Our judgmental attitude is what makes us quite different people when we are alone versus in company. Unrestricted, sneering, and unhelpful remarks and looks that escape us in an unconscious moment can anger, upset, and disquiet others.
the comfort in solitude [Image Credit: John William Waterhouse, Public domain, via Wikimedia Commons]
But Can We Stop Judging Others? How to Stop Judging People?
We can’t stop coming to conclusions about people because we need to go about our day while grasping the world through our senses and not by deep diving into everything. Imagine if you had to understand why every child wanted what it wailed for or why the children played their silly games or why the ones who sat quietly didn’t scamper about. Moving around in our world is not different from being at a child’s fifth birthday party.
But to make our life easy, we don’t have to come to negative, hateful, or inappropriate conclusions about others. When we are building the narrative to prove how someone else is beneath us, we should catch ourselves in the act. Ask yourself if your judgment is sensible. To break the pattern of selling negative arguments, pause, realign, and consciously take the decision of not deriding someone just because you can.
In the cue, pattern, and reward cycle of this habit of derision, we can get our reward through ourselves. We would not need to judge someone negatively if we genuinely accept who we are and love and appreciate ourselves. We don’t evaluate others as good because we believe that if we deem them so great, we would become lesser than them. And how can that be? How can anyone else be cooler, kinder, more beautiful, more artistic, or funny?
But if we are improving ourselves and feeling happy and proud of who we are, if we are already cool, kind, beautiful, artistic, and funny enough, then they can be too. Rather than lowering someone else, we can raise ourselves to come at par with our standards.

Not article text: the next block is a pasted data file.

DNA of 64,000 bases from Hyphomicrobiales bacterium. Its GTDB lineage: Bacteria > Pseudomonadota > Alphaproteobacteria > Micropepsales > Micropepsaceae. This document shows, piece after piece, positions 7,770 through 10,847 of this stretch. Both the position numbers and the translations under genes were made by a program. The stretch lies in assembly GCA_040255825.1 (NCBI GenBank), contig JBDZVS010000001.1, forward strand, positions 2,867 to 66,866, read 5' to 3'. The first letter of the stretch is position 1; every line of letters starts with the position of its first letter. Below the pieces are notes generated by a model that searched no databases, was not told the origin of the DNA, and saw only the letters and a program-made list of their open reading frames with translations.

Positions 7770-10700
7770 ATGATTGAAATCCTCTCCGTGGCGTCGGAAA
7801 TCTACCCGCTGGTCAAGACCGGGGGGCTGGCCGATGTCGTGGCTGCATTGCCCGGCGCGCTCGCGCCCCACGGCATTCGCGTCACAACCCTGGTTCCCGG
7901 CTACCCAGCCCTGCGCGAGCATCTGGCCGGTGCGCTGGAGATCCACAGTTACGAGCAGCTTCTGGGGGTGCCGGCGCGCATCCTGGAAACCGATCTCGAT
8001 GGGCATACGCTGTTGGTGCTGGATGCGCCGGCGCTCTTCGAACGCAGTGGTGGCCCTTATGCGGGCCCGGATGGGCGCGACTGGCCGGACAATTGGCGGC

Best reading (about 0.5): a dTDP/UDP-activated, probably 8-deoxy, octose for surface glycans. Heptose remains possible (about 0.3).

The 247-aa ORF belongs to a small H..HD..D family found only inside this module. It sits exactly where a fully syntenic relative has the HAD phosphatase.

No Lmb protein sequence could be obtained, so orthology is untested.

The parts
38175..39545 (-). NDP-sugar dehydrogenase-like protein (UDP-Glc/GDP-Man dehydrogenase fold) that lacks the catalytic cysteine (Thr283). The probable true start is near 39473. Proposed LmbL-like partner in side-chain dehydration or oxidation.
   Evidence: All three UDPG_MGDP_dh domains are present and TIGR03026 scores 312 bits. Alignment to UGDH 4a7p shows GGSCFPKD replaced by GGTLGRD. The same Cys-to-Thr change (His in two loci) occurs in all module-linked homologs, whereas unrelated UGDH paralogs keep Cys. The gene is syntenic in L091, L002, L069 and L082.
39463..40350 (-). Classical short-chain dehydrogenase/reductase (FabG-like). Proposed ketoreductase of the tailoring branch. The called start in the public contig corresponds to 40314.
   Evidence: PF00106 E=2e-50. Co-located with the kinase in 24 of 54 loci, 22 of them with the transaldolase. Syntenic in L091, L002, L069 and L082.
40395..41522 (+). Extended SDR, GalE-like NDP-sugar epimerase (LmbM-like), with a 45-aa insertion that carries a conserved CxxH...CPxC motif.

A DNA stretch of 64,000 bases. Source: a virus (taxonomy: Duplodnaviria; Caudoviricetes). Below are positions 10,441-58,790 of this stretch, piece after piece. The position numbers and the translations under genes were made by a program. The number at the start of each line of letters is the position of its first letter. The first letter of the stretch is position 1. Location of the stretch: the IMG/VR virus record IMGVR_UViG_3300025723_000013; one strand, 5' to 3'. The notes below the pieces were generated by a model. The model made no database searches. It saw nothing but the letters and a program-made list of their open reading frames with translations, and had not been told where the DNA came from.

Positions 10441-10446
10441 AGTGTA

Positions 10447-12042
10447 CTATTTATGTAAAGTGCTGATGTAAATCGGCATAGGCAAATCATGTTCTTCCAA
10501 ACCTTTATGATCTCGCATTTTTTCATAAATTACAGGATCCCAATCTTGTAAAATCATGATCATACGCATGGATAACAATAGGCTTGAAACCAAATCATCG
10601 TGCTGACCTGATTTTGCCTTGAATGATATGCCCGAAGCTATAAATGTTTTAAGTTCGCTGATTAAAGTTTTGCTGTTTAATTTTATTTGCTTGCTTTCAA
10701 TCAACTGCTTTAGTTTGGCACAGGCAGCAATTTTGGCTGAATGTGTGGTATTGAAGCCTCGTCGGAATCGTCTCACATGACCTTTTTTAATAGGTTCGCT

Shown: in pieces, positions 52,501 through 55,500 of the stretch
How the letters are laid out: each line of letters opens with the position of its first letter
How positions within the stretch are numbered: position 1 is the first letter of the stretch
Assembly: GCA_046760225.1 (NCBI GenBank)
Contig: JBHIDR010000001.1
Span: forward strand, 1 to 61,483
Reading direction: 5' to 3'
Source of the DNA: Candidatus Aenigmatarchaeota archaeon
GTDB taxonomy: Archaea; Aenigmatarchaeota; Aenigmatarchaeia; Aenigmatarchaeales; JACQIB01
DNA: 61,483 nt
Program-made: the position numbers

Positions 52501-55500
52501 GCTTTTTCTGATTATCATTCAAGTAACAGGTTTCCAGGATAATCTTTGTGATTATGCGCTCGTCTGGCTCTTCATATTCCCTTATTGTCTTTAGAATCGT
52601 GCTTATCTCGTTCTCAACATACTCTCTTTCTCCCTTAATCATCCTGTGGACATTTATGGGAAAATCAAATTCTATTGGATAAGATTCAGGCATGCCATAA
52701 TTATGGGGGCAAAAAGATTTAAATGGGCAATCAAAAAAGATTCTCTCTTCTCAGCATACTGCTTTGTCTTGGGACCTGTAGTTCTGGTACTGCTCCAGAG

And when we would be satisfied with our being, we would judge ourselves lesser, would be less harsh on ourselves, and, thus, would be less harsh and less judgmental about others, too. Now we have enough compassion, empathy, and acceptance to spare.
But Some People Surely Seem to be Driven By Wrong Values. I Don’t Even Have the Right to Judge Them?
Much like we cannot assess how happy someone else is, we cannot tell what is good for her or not. Our principles cannot be applicable to anyone else.
Not everyone assigns value to working hard. Not everyone cares to read. Not everyone wants to walk barefoot on the earth. And that is okay.
Apart from their temperaments, people draw values from their culture, family, partners, colleagues, their own experience, and a plethora of other things. And most people’s sticky notes are working out well for them. Even the people we pity for not having a generous, joyous, or experience-driven life, have the life they want or are working toward it. They just don’t want the things we care about.
Unless someone’s actions are hurting themselves or others, they are fine. So it is up to us as a community to mind our business and accept others as they want themselves to be and not how we want them to be. All we can do is make people think for themselves without judging them. Their internal workings don’t concern us. What concerns us is how we measure our life, if we have the right values for our growth, and whether we are raising ourselves up to our benchmarks. And they will do the same.
Why do you care if their dresses seem too cumbersome? You see what I just did there? [Image Credit: Arthur Devis, Public domain, via Wikimedia Commons]
When we stop ourselves from forming ugly opinions about others, we move to understanding and maturity. We can say, “oh, this I don’t get” or “they might have a reason I don’t know anything about” or “oh well, at least it works for them.”
And instead of them, it is us whom we free from the tug of judgment that knowingly or unknowingly has been making us dance to its tune. Now we are liberated, confident, and pleasant. The world is, finally, not a bad place to be. At last, we can think of living in harmony.
Feature Image Courtesy: Carl Bloch, Public domain, via Wikimedia Commons
Do you judge people, too? Or do you always act as if you are under someone’s gaze? Share your experiences with me below.